Spring is the time to shine across Australia as flowers bloom and wildlife come out to play from September to November. The steady transition from cool to hot weather makes this one of the most comfortable seasons in Australia, perfect for basking in the beauty of nature.

Take this chance to visit the capital of Canberra, host to dozens of free museums and galleries to explore on a budget, as well as a series of amazing wineries. Take in this green city in September and October to experience Floriade, Australia’s most beloved spring festival of colorful gardens at the national Arboretum, all for free!

Wildlife enthusiasts cannot miss out on Kangaroo Island, which rests just off the coast of Adelaide and offers the chance to see koalas clinging to trees while friendly seals laze on the shore. This amazing island is filled to the brim with amazing wildlife to spot either on a day trip or overnight stay at one of the island’s lovely eco-resorts.

Visitors to Melbourne won’t be able to ignore the exciting Melbourne Cup, Australia’s largest horse race, in early November. Even if you’re not a fan of horse racing, expect to be captivated by the Melbourne Cup Carnival, which features vintage fashion styles, music, and events in Flemington.

Barcelona’s popularity as a tourist destination has surged in recent years, but there are still many local barrios to explore away from the crowds. In the centre you’ll be jostling for space amongst tour groups, bicycles and selfie sticks; visit these neighbourhoods, though, and you might be the only one there.

Explore vast empty parks, visit Gaudí buildings where you won’t have to queue, admire spectacular city views, and get to know areas of the city even many locals don’t know.

Cafes and culture in Sant Andreu de Palomar
The village-like barrio of Sant Andreu de Palomar lies to the northeast of Barcelona’s centre, and is one of the most charming in the city. In fact, it used to be an independent village until it merged with the city in the late 1800s. Even locals don’t know this barrio, unless they live there.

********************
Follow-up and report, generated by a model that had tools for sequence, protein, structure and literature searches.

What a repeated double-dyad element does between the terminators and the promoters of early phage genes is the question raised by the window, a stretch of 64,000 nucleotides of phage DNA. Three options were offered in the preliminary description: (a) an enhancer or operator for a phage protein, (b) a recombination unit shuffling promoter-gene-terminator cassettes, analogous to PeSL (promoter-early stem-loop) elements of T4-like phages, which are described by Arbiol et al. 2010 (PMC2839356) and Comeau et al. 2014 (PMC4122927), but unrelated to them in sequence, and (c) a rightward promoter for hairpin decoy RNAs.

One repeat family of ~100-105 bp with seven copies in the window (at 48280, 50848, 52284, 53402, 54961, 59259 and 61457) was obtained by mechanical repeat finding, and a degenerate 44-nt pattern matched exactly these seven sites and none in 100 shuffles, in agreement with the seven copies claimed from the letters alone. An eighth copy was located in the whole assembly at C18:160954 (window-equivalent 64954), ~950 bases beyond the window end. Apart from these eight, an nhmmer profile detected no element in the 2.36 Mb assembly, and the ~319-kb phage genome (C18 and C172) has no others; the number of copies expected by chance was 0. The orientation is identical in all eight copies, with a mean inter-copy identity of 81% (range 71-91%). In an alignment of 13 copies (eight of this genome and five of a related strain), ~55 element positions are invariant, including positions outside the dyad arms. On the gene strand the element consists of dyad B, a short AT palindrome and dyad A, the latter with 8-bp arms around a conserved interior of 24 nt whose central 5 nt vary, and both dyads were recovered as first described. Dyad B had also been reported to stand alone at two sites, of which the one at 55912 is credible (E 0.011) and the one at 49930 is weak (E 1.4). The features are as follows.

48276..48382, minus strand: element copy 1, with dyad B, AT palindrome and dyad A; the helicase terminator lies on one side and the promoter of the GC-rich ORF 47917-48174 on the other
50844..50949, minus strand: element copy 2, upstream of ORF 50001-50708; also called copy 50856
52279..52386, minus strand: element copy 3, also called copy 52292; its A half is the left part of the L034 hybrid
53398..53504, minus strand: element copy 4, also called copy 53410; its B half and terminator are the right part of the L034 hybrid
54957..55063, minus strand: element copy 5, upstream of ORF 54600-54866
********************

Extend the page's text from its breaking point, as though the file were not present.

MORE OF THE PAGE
Despite not being well-known, Sant Andreu has some intriguing sights. At the heart sits the Plaza Orfila, and the striking Church of Sant Andreu, one of the most unique in the city. Built on the site of a 10th-century Romanesque church, it’s neo-Gothic in style and has become a symbol of the barrio. Just around the corner, you’ll find Fabra i Coats, a large modern art gallery housed in a former thread and textile factory.

The neighbourhood is filled with quaint squares, lots of independent shops and cafes, and mesmerising Modernista architecture. Stop for a coffee at the historic Versalles bar with its shimmering green facade and undulating wrought-iron balconies, before continuing to the Sant Andreu covered market, one of the most traditional in Barcelona. In the cobbled streets behind the market, you’ll find the Parròquia de Sant Pacià, another lovely neo-Gothic church with ribbed vaults, and original tiles designed by none other than Antoni Gaudí.

To get here, take metro line 1 and get out at Sant Andreu.